Hope grows when good people come together with the sole purpose of helping one another. Hurricanes devastate communities. In that devastation, we often find stories of love, charity, and thankfulness.
When Hurricane Harvey hit Houston, Texas, the people of Elkhart, Indiana went to work. A massive relief effort, spearheaded by the good folks at Lippert Components, collected 95,000 lbs. of donations and organized trucks and drivers to transport the items.
Leah Benevento, the Philanthropic Relations Coordinator for Lippert Components, explained donations were collected from within the community. “We were blessed”, she said, “to partner with 15 businesses who were instrumental in helping secure some of the larger donations as well as transport them to their destinations.”
Kenny Kopf, founder of what would later become Kopf Logistics Group, heeded the call for help with his personal truck. At 8:00 p.m. on September 15th, Kenny and his wife left Elkhart, Indiana for the long trip to Texas. He was hauling 38 skids containing body pillows, toilet paper, cleaning supplies, blankets, food, dog food, kid toys and linens. His first stop was in Nashville, TN, where he slept four hours before hitting the road again.
Kenny reminisces on his first run as a truck driver. The date was July 22, 1966 and his son, Leroy (now President of KLG), was only 12 days old. That memory illuminates the kind of man Kenny is. Family, faith, and helping others are the rules he lives by.
This isn’t the first time Kenny has been involved in a relief effort. In 2005, when Hurricane Katrina devastated New Orleans, Kenny organized a fleet of 23 trucks to travel to the afflicted zone. He orchestrated each of the trucks while being a driver himself. He acted as the main contact among the drivers and made certain they arrived home safely.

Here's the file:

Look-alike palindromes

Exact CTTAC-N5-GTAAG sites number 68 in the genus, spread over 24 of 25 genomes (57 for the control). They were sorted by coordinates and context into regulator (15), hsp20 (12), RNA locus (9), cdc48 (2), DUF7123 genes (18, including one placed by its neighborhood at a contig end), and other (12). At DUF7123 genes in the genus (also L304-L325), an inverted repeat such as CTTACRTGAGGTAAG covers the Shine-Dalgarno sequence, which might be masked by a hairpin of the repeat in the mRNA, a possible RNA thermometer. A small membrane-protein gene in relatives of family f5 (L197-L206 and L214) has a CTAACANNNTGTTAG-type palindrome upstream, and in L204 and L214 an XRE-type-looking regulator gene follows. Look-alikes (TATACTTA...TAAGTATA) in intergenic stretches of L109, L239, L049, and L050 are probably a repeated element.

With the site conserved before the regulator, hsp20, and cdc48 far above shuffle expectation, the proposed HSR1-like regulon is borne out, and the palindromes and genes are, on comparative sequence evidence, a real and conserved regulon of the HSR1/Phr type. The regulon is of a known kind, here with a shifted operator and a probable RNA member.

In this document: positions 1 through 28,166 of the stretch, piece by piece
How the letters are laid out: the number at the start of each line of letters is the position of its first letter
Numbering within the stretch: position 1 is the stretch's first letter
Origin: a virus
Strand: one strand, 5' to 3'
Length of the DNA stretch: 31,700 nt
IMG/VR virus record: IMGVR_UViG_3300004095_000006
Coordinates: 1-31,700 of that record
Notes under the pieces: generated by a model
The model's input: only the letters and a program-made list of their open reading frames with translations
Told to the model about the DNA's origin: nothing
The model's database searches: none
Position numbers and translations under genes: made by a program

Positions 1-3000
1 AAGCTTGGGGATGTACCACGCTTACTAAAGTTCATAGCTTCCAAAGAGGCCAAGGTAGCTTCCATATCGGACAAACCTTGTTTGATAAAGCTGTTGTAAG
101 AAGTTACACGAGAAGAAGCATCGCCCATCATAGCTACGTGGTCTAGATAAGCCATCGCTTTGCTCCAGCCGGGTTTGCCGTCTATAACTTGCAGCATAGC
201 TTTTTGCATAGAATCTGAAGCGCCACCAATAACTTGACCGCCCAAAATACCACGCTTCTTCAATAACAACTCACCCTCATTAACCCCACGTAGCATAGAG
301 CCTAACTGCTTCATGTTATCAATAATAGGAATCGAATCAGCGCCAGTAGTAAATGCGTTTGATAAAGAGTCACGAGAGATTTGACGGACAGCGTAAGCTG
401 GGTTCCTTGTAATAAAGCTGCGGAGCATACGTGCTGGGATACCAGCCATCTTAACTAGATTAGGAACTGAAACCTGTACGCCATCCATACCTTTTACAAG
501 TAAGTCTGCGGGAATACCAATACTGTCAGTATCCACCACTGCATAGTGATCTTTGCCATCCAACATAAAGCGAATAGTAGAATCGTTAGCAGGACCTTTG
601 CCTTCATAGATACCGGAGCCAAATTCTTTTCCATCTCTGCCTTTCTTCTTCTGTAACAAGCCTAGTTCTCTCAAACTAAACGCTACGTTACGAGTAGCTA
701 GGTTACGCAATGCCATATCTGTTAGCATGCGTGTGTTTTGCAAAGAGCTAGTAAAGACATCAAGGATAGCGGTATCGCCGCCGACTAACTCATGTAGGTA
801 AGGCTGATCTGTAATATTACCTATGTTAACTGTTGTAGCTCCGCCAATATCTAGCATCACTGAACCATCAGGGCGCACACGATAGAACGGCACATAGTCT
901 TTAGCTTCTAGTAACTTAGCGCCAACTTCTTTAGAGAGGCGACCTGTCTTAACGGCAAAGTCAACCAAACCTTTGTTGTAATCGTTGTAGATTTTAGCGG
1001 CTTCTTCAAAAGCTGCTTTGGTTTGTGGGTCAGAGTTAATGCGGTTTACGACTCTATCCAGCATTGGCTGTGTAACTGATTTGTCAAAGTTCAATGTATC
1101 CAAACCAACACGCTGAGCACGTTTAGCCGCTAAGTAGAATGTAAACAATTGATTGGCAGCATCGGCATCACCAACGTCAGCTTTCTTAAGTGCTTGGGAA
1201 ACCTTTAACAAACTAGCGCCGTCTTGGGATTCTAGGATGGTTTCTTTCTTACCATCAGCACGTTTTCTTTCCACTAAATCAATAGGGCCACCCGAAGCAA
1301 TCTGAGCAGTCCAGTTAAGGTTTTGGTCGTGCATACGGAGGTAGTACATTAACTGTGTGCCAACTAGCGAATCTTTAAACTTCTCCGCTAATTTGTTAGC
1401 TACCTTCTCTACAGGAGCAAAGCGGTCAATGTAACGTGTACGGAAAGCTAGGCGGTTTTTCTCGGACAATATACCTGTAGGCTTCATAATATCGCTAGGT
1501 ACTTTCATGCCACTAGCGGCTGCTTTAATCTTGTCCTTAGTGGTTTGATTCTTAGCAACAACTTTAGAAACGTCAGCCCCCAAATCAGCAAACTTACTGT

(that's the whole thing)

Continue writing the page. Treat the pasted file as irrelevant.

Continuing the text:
Kenny’s mother used to say he didn’t know the meaning of the word “no.” He agrees with her sentiment explaining he’s always wanted to do things “bigger and better”. It is important to note this desire comes from his faith in God. He explained, “I’ve put down many miles with the Lord. He has saved my fanny plenty of times!” Paying this help forward is an important mission. As long as he is able, he will help others.
This belief in helping others is what fueled Kenny’s trip to Texas. Upon his arrival at West Houston Church of Christ on September 16th, there were at least 100 volunteers equipped with grocery carts unloading the supplies from his truck. They wheeled these donations into an auditorium filled to the brim with goods from other generous benefactors.
Kenny shared, “Seeing all those people working together and giving from their hearts brought tears to my eyes”. Before leaving the church, he said a prayer with the volunteers and bid them farewell.
When asked what he’d learned from this experience, Kenny shared he found there are many thankful people still in this world. He says, “You just don’t see a whole lot of that going around anymore”; yet, he found it there, in the middle of a hurricane zone.
Kenny has already been asked to return to Houston to help with the ongoing relief efforts. He left us with these words, “If the need is there, I will go”. Paying it forward yet again!